Again, based on the basic facts I've outlined above, it seems as though there's nothing more sinister at work here than a mother with self-esteem/body image issues and a confused little girl. Ms. Krentcil has, not surprisingly, adamantly denied bringing her daughter into a tanning booth, and I actually believe her. I base this on the fact that if you asked my four-year-old daughter if she'd been into a tanning booth, she would say yes. Even though the only booth she has ever been in are the ones that sometimes are an option at a restaurant. Not only do kids that age have fantastic imaginations, but if you ask a question in a way that remotely suggests their answer should be "yes," they'll answer "yes." Ms. Krentcil's daughter was all the more predisposed to giving a tanning-bed related explanation for her sunburn because her mother is clearly spending a lot of time in or near a tanning bed. Tanning beds are probably a big topic of conversation in the Krentcil household. They may even serve as furniture, or perhaps feature prominently in the hallway artwork. So, just like my daughter tells people that she "went to work today" when really she was at school, for the Krentcil daughter, all roads lead to the tanning salon. And now she's probably scared sideways to see the reaction that her tanning bed reference has kicked up. Just as scared as my daughter would be if someone started calling her Dora phone and loudly demanding bridge financing post haste if she ever wants to see her father again.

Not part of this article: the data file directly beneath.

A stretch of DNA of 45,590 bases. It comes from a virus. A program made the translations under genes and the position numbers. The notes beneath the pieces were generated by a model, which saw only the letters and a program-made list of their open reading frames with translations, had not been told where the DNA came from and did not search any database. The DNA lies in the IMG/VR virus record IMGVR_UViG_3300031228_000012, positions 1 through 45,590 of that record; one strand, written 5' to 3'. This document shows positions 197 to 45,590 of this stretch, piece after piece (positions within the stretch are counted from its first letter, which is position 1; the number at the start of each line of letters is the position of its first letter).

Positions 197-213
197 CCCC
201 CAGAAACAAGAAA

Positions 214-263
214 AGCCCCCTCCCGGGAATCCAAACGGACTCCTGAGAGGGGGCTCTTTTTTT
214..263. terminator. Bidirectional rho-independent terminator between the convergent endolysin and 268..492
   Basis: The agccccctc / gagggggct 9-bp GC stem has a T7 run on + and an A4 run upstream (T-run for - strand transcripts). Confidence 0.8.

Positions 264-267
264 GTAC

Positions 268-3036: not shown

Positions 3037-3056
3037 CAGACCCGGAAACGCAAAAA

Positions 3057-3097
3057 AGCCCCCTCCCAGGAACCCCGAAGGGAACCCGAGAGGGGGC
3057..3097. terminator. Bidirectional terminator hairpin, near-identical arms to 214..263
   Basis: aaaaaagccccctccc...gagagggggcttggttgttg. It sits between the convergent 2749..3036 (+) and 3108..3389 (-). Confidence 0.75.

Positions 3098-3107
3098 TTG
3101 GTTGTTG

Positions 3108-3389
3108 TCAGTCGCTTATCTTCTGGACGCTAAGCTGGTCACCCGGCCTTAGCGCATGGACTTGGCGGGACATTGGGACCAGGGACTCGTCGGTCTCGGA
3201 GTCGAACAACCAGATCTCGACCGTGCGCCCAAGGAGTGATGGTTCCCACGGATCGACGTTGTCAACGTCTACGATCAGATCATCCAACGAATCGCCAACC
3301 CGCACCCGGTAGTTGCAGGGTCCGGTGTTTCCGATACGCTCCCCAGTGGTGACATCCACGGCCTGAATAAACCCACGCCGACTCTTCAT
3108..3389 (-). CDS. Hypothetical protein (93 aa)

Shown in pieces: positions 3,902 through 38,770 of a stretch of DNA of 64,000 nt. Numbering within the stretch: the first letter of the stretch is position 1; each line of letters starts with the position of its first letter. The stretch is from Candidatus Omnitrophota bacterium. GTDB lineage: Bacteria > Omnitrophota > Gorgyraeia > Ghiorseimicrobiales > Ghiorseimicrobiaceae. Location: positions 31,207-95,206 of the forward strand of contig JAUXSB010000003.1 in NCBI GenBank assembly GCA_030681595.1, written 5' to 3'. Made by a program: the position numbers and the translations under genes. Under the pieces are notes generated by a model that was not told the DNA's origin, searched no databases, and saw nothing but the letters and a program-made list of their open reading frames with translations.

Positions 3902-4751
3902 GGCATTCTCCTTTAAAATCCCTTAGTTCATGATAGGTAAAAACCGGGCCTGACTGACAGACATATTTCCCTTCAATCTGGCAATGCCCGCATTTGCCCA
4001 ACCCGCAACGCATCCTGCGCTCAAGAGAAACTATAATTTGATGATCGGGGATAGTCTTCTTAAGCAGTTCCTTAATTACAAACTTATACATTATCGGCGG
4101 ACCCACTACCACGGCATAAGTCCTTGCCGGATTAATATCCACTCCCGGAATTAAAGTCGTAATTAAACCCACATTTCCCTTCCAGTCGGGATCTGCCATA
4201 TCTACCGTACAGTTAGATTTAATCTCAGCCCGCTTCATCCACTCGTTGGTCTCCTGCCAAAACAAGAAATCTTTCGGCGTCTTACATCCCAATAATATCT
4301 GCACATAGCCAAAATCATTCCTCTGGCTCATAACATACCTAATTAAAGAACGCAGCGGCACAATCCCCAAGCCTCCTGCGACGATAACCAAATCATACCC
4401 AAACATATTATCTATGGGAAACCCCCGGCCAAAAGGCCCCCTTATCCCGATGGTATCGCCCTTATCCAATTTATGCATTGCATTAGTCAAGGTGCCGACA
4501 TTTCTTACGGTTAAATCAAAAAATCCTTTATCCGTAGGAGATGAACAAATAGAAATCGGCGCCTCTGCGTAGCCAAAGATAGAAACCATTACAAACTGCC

I'm not usually a fan of the slippery slope argument, but this is an instance that screams out for one. If it were a crime to forget to properly apply sunscreen on your children every day, I'd be in jail for decades. I will also risk future background checks by admitting that sometimes my kids don't get 5 servings of fruits and vegetables a day, and I let the one with teeth sometimes skip brushing those teeth. They've been near the exhaust pipe of a running car, they've walked by someone smoking a cigarette, and my daughter enjoys a Chicken Nugget every now and then. One time, my husband and I were even watching an episode of Dexter, and we let her sit with us while she looked at a book. Long story short, she had nightmares about rivers of ketchup that night.
These types of parenting glitches are one of the only ties that bind parents. We all have our different trigger points, our different techniques, our different priorities. But we all make mistakes. We are also all human, and many of us have serious issues of our own that unfortunately affect our relationship with our kids. For some it's from the buffet of body image issues, for others it's a chemical dependency, for others it's an insane drive to overachieve. None of this is to say that Ms. Krentcil is a model parent or that she's doing right by her daughter. It is simply to say that she doesn't belong in jail. Or that if she does, we should all watch our back.
If the Essex County prosecutors need to bulk up their caseloads, I'd suggest they figure out their jurisdiction over the mothers featured on shows such as Toddlers & Tiaras and Dance Moms. Those women are practicing live taxidermy on pre-school girls, stuffing them full of warped ideas about how to spend a Saturday and how to mainline sugar, then hair-spraying them so there's not a fiber out of place when they're mounted on a platform in front of a row of child predators masquerading as judges. The other alternative, and I'm just spit-balling here, is that law enforcement authorities everywhere focus on initiatives like finding lost or kidnapped children, stopping sexual predators before they strike again, and arresting parents who beat, demean, and/or starve their children. Then they could leave the skin care issues to CVS.